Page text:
Rumours of what was passing had even reached St. Antony in his desert solitude, and the old man, on hearing of all that his friend and disciple had had to suffer, came down from his mountain cave to praise him for his courage and to speak to the people.

“Have nothing to do with the Arians,” he said; “you are Christians, and they say that the Son of God is a creature.”

Crowds came flocking to see the old man, for all had heard of his miracles and of his holiness:

He blessed them all and exhorted them to hold fast to the true faith of Christ, so steadfastly upheld by their Patriarch, after which, having done the work he had come to do, he returned to his solitude.

The Arians were still plotting:

Some time before, when Athanasius had been visiting that part of his diocese called the Mareotis, he had heard that a certain Ischyras, who gave himself out as a priest although he had never been validly ordained, was causing scandal:

He celebrated, so people said, or pretended to celebrate, the Holy Mysteries in a little cottage in the village where he lived, in the presence of his own relations and a few ignorant peasants.

Athanasius sent one of his priests, called Macarius, to inquire into the matter and to bring the impostor back with him.

Macarius, on his arrival, found Ischyras ill in bed and unable to undertake the journey.

He therefore warned one of his relations that the sick man had been forbidden by the Patriarch to continue his so-called ministry, and departed.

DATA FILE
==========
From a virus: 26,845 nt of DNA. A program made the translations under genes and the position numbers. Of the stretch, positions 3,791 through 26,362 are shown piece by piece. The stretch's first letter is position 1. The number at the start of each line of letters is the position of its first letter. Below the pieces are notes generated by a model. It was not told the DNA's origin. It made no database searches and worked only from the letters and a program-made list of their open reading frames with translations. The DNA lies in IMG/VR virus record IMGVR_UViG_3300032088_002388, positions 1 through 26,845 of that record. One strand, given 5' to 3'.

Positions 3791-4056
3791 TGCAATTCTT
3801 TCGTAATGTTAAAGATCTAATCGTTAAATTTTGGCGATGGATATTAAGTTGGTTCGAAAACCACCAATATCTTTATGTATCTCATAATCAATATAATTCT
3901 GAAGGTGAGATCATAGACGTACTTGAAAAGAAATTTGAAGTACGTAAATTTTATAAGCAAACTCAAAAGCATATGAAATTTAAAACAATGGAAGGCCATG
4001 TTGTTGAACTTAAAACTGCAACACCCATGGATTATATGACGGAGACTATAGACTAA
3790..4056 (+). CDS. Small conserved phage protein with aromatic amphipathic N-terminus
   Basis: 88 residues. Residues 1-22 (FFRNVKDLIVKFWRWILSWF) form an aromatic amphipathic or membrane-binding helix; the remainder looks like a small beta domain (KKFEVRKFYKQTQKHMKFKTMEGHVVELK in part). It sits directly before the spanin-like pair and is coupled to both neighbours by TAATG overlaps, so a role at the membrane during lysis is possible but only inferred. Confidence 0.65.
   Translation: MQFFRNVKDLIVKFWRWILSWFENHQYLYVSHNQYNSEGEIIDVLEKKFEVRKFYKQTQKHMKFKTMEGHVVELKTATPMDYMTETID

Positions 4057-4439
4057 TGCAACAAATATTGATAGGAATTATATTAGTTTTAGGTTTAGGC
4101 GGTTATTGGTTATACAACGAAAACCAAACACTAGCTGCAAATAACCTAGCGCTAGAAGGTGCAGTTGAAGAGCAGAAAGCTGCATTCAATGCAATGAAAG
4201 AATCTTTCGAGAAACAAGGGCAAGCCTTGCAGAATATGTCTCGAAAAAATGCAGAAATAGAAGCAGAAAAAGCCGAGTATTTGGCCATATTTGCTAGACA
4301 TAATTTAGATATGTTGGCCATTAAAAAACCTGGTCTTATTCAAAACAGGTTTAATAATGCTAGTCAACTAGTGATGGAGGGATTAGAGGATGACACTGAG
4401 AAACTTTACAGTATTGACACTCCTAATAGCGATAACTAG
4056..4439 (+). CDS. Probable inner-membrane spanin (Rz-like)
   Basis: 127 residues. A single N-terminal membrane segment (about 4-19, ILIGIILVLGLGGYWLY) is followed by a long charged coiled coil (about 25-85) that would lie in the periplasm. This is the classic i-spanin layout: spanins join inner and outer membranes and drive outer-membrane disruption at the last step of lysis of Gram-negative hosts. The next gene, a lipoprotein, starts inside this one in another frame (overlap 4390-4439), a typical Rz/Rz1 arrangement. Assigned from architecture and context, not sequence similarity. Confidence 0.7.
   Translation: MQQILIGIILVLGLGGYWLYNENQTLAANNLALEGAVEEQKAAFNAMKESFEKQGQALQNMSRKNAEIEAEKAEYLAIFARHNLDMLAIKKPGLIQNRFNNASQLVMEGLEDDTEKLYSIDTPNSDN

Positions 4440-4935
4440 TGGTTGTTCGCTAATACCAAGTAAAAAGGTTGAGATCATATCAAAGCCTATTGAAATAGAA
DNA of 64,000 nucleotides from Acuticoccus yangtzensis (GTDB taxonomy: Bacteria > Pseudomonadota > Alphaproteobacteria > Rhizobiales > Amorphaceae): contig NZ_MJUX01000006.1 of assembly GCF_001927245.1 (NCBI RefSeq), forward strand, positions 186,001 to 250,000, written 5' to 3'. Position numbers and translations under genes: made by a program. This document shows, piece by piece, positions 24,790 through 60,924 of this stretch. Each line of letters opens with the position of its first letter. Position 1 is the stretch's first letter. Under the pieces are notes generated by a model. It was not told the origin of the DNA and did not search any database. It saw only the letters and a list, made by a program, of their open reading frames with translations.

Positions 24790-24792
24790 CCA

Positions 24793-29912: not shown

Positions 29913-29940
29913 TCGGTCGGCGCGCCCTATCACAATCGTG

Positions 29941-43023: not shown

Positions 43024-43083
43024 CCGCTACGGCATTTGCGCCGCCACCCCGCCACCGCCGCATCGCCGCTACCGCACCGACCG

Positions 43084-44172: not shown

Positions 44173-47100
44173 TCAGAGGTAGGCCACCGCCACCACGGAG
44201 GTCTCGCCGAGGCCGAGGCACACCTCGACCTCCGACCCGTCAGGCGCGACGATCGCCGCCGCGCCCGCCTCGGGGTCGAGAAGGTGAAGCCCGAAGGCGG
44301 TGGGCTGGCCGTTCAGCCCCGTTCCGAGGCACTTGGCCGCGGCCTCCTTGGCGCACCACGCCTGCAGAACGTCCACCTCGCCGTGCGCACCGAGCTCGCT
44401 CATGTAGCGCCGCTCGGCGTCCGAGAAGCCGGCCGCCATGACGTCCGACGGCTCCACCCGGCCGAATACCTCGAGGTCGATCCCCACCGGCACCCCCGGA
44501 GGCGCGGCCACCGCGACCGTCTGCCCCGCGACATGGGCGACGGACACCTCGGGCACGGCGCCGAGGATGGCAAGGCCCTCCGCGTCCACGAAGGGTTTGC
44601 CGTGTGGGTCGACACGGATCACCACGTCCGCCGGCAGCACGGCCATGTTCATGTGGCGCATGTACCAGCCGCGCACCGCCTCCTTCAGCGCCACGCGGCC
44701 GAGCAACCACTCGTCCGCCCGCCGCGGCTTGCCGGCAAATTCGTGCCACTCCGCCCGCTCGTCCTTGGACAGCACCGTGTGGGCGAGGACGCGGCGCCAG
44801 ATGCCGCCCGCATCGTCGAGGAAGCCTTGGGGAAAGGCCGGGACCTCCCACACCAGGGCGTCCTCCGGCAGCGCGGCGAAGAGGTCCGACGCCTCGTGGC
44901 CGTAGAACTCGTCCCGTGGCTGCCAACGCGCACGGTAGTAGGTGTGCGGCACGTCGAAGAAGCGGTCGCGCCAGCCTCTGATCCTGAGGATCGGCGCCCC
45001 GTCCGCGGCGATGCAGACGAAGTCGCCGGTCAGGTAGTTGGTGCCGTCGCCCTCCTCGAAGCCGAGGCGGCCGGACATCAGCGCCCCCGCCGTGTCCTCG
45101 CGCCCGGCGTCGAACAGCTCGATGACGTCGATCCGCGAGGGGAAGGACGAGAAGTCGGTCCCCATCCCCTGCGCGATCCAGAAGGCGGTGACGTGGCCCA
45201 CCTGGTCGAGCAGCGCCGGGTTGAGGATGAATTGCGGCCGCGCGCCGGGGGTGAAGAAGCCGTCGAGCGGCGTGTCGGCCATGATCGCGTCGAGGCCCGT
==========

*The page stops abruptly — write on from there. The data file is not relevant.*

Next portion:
Ischyras, on his recovery, joined himself to the Meletians, who, urged on by the Arians, were moving heaven and earth to find a fresh charge against Athanasius.

On hearing his story, they compelled him by threats and by violence to swear that Macarius had burst in upon him while he was giving Holy Communion in the church,

had overturned the altar, broken the chalice, trampled the sacred Host underfoot and burned the holy books. They reported that all this had been done by order of the Patriarch.

Once more Athanasius had to defend himself, and once more he triumphantly cleared himself of the accusation brought against him.

In the first place, as he proved to the Emperor, there was no church in the village where Ischyras lived. In the second, the man himself had been ill in bed.

In the third, even if he had been up and well, he could not have consecrated, since he had never been validly ordained.

Ischyras himself, not long after, escaping from the hands of the Meletians, swore in the presence of thirteen witnesses that he had been induced by threats to bear witness to the lie.

But the failure of this plot was only the signal for hatching another:

A certain Meletian Bishop called Arsenius, whom Athanasius had deposed for refusing to obey the decrees of the Council of Nicaea, was induced to hide himself away in the desert:

The Meletians then gave out that he had been murdered by order of the Patriarch, who kept his withered hand for purposes of magic. A wooden box was even produced containing a hand which was said to be that of the dead man.

Constantine seems to have believed the story, for he summoned Athanasius to come to Antioch to stand his trial, at which Eusebius and Theognis of Nicaea were to preside.

Athanasius did nothing of the sort. He sent trusty men into the desert to make a diligent search for the missing Arsenius, who, after some difficulty, was found.

The fact was made known to the Emperor, who wrote once more to the persecuted Patriarch, affirming his innocence and threatening the Meletians with severe punishment if they invented any more calumnies against him.

Arsenius himself, having repented of his part in the matter, asked pardon of Athanasius and promised obedience for the future.